Scilla morrisii

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Scilla morrisii
Scientific classification e
Kingdom: Plantae
Clade: Angiosperms
Clade: Monocots
Order: Asparagales
Family: Asparagaceae
Subfamily: Scilloideae
Genus: Scilla
Species: S. morrisii
Binomial name
Scilla morrisii

Scilla morrisii (the Morris squill or pallid squill) is a critically endangered species of plant in the Hyacinthaceae family. It is endemic to Mediterranean-type shrubby vegetation on the island of Cyprus.


The Morris squill is a perennial herb with 3-6 thick, straight leaves measuring up to 70 cm long and 1-3 cm wide. The flowers are star-shaped, small and usually coloured purple, blue or white. The flowering period is between March and April.[citation needed]

As a perennial, it overwinters as a bulb which stores nutrients. Like all species in this genus it is somewhat toxic.[1]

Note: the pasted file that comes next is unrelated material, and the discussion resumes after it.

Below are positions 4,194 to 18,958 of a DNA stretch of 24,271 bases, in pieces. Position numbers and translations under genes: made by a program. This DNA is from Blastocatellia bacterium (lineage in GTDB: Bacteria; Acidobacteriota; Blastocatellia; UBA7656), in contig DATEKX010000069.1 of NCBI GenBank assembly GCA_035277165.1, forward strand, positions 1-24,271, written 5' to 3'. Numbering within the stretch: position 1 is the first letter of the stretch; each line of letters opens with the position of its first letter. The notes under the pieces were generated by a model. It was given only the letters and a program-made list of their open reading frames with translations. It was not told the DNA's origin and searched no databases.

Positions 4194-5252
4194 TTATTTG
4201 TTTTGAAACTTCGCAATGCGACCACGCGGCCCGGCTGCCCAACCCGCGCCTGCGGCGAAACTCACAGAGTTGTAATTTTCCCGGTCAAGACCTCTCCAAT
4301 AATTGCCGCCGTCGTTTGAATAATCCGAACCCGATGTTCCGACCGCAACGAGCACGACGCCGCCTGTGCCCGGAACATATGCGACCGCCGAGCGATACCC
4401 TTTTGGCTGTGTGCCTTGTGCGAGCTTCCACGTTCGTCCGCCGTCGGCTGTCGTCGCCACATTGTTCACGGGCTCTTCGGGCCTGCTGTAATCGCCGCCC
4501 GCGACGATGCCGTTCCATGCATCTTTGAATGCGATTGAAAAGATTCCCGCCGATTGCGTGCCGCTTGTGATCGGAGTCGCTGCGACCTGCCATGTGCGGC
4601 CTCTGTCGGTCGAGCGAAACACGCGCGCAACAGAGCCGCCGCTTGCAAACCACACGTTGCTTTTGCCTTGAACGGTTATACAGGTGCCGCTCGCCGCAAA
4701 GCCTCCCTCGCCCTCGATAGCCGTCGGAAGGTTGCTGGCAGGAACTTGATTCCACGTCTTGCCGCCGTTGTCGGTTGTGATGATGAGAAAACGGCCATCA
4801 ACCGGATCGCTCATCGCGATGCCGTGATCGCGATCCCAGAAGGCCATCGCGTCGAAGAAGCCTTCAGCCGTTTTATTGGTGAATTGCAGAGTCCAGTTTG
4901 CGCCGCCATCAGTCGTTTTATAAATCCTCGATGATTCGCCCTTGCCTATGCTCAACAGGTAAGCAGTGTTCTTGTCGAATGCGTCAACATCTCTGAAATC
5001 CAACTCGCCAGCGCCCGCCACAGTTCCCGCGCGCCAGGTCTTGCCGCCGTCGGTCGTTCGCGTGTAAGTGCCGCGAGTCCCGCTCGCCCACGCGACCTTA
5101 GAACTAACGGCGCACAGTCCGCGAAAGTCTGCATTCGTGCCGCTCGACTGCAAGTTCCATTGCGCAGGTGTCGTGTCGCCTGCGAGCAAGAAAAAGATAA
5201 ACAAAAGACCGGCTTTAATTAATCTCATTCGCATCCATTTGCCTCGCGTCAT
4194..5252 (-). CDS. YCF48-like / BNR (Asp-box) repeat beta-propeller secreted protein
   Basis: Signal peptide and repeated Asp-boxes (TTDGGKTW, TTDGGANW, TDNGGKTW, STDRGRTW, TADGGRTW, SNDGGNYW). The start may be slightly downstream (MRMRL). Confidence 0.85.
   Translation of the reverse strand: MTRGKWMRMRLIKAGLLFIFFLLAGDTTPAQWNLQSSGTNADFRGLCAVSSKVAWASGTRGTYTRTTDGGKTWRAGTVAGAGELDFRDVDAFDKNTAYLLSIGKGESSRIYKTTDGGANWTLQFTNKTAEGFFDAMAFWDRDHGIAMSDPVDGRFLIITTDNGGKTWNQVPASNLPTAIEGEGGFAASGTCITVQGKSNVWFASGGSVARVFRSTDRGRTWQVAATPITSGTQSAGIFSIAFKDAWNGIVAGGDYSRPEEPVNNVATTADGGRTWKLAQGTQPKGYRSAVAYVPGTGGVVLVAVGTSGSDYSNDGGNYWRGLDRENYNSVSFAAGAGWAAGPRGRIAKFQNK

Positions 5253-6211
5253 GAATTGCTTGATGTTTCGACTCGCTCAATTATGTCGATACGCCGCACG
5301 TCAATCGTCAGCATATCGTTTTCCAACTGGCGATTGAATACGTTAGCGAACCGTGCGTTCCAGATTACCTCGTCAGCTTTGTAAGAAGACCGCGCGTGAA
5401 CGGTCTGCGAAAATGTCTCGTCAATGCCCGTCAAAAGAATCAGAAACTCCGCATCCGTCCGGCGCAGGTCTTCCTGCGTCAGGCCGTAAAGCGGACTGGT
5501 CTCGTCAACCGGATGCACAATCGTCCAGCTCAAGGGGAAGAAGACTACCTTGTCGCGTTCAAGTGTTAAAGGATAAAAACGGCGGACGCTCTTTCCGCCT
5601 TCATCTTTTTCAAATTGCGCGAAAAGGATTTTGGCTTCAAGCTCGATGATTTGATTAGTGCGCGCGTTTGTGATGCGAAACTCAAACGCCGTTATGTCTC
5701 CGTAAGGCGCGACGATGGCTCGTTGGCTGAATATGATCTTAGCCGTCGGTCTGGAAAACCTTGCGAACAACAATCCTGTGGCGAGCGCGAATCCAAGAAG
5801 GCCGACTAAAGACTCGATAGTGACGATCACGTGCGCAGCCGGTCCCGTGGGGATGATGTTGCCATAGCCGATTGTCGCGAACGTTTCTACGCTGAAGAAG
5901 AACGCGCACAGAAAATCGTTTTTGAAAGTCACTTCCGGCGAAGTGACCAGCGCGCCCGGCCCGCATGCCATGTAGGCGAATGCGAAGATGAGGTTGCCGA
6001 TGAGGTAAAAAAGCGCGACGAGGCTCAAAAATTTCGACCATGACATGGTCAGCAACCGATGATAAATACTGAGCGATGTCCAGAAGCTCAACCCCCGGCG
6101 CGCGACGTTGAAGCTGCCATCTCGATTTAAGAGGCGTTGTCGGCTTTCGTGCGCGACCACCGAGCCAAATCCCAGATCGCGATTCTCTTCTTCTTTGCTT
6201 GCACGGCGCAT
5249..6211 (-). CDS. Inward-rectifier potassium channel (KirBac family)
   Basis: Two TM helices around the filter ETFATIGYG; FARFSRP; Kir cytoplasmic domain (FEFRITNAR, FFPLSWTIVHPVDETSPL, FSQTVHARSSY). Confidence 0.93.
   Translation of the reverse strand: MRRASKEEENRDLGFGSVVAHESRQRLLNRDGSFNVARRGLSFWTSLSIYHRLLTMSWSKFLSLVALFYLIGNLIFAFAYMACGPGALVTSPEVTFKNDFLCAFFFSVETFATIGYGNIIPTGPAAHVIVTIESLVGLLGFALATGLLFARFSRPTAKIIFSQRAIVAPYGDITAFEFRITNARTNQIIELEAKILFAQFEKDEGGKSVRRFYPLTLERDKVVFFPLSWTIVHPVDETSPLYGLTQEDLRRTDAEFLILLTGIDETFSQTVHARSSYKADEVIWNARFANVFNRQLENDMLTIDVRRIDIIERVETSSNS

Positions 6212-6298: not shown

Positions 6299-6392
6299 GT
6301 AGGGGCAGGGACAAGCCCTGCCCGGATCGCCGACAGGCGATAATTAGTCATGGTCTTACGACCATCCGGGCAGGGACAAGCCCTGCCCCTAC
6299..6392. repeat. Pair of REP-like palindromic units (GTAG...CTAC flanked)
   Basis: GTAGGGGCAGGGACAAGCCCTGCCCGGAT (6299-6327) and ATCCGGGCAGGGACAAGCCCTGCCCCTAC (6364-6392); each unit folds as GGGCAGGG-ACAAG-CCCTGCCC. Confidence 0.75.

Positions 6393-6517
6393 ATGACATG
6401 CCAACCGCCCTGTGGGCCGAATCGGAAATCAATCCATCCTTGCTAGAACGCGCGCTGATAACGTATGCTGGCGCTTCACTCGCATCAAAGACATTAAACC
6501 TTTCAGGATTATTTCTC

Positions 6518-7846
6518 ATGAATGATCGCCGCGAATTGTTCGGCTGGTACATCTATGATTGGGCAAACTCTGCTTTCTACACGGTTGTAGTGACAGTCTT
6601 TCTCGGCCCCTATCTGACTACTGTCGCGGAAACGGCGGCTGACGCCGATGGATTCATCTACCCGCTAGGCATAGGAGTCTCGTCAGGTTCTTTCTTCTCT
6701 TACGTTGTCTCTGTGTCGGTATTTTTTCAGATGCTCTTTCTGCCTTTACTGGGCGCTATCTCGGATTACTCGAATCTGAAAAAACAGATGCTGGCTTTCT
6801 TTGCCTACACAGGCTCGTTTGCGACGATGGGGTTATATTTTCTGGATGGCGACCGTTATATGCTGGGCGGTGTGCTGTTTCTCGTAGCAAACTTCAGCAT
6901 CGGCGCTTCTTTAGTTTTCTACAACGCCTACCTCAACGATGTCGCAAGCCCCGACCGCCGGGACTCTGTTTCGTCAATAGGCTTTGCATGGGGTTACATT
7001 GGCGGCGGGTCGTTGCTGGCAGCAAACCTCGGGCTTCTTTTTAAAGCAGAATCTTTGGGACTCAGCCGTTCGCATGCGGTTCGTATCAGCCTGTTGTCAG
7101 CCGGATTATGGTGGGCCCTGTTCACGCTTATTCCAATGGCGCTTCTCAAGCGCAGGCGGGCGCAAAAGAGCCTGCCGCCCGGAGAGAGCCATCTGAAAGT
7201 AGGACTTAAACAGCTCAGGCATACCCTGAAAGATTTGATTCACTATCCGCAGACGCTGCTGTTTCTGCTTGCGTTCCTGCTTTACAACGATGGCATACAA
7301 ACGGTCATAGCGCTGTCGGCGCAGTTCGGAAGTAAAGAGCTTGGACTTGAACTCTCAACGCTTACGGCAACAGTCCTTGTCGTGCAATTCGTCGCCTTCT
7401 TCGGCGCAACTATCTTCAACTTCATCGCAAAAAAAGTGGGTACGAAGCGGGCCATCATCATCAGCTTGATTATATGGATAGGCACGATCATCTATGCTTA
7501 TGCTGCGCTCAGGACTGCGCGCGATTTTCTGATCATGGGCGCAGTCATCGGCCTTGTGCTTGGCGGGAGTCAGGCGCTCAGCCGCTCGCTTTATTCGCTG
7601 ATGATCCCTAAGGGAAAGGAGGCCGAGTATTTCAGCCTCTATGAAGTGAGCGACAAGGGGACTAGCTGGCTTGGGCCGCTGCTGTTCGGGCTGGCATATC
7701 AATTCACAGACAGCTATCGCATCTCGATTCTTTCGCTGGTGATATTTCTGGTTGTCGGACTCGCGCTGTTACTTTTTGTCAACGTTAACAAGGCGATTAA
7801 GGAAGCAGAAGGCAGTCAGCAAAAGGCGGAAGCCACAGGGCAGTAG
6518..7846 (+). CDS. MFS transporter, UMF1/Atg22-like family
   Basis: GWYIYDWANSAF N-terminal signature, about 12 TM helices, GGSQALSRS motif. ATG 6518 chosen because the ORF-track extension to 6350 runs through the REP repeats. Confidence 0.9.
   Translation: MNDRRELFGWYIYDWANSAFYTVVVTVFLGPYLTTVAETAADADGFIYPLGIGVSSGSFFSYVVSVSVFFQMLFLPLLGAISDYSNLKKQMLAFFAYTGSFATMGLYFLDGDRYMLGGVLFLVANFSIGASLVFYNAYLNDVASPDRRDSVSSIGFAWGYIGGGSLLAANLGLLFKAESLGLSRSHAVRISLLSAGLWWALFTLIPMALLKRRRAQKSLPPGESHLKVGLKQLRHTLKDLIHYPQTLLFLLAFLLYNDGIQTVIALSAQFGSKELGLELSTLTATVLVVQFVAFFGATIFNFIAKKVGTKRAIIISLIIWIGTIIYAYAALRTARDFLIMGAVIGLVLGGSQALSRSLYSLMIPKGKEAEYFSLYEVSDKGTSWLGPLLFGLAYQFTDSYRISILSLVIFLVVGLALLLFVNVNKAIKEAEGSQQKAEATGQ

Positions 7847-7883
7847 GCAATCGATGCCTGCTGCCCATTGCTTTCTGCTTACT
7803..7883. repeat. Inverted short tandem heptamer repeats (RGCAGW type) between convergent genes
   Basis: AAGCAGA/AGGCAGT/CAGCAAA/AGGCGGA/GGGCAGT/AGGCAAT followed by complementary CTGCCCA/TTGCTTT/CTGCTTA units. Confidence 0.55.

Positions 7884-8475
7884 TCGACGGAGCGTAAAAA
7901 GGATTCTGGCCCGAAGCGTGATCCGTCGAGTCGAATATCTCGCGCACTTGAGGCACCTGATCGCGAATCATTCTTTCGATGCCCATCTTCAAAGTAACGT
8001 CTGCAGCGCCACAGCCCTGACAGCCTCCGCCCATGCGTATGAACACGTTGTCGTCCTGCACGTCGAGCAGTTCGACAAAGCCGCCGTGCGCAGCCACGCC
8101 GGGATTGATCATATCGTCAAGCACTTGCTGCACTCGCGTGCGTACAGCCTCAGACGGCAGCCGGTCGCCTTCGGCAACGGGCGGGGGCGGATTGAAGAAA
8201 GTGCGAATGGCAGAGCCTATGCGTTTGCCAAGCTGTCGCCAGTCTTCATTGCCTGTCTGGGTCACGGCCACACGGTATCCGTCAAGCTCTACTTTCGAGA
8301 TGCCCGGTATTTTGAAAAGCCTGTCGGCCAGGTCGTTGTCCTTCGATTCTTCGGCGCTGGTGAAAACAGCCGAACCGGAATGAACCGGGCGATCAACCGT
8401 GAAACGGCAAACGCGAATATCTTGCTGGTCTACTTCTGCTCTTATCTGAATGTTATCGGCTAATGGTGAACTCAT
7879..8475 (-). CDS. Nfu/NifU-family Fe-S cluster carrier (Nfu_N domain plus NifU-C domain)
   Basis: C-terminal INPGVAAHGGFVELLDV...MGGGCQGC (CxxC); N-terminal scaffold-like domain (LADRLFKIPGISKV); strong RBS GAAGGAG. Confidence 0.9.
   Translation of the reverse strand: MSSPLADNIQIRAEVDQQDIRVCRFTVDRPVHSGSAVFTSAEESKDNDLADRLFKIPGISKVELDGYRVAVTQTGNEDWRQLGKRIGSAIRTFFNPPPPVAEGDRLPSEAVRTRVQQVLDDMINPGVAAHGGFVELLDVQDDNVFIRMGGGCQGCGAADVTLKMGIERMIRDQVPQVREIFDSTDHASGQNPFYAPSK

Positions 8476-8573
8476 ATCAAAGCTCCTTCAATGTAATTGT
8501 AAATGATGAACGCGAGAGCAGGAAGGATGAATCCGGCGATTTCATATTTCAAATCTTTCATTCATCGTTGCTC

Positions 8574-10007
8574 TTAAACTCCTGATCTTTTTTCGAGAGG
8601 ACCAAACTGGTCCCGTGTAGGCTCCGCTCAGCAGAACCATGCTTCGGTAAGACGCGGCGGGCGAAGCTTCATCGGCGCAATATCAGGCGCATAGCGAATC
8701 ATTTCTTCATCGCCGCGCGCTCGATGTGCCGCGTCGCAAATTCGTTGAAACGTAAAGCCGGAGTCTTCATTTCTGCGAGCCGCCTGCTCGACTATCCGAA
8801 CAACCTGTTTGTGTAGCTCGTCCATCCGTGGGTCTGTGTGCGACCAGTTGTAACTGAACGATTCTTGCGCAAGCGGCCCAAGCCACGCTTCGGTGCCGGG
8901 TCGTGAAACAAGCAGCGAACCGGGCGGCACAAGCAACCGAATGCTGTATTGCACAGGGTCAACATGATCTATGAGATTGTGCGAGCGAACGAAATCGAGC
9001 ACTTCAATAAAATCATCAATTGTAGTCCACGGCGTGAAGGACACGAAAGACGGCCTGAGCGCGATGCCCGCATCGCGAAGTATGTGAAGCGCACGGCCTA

Distribution and habitat[edit]

The species is endemic to the north-western part of Cyprus and known from only three locations (two near the village of Panagia and one is near the Aghios Neophytos monastery). It appears to prefer an altitude of 250-900 m, where it grows in moist crevices, frequently under old oaks and terebinths.[1]


The Morris squill is classified as Critically Endangered by the IUCN due to its very restricted distribution and the low number of individuals (an estimated 600 plants in 2006). All known plants are confined to an area of less than 2 km2. The species is heavily dependent on old stands of oak trees, which are rapidly being reduced by logging, road construction and farmland conversion.[1]


  1. ^ a b c d Kadis, C. & Christodoulou, C.S. (2006). "Scilla morrisii". IUCN Red List of Threatened Species. IUCN. 2006: e.T61607A12520512. Retrieved 13 August 2016.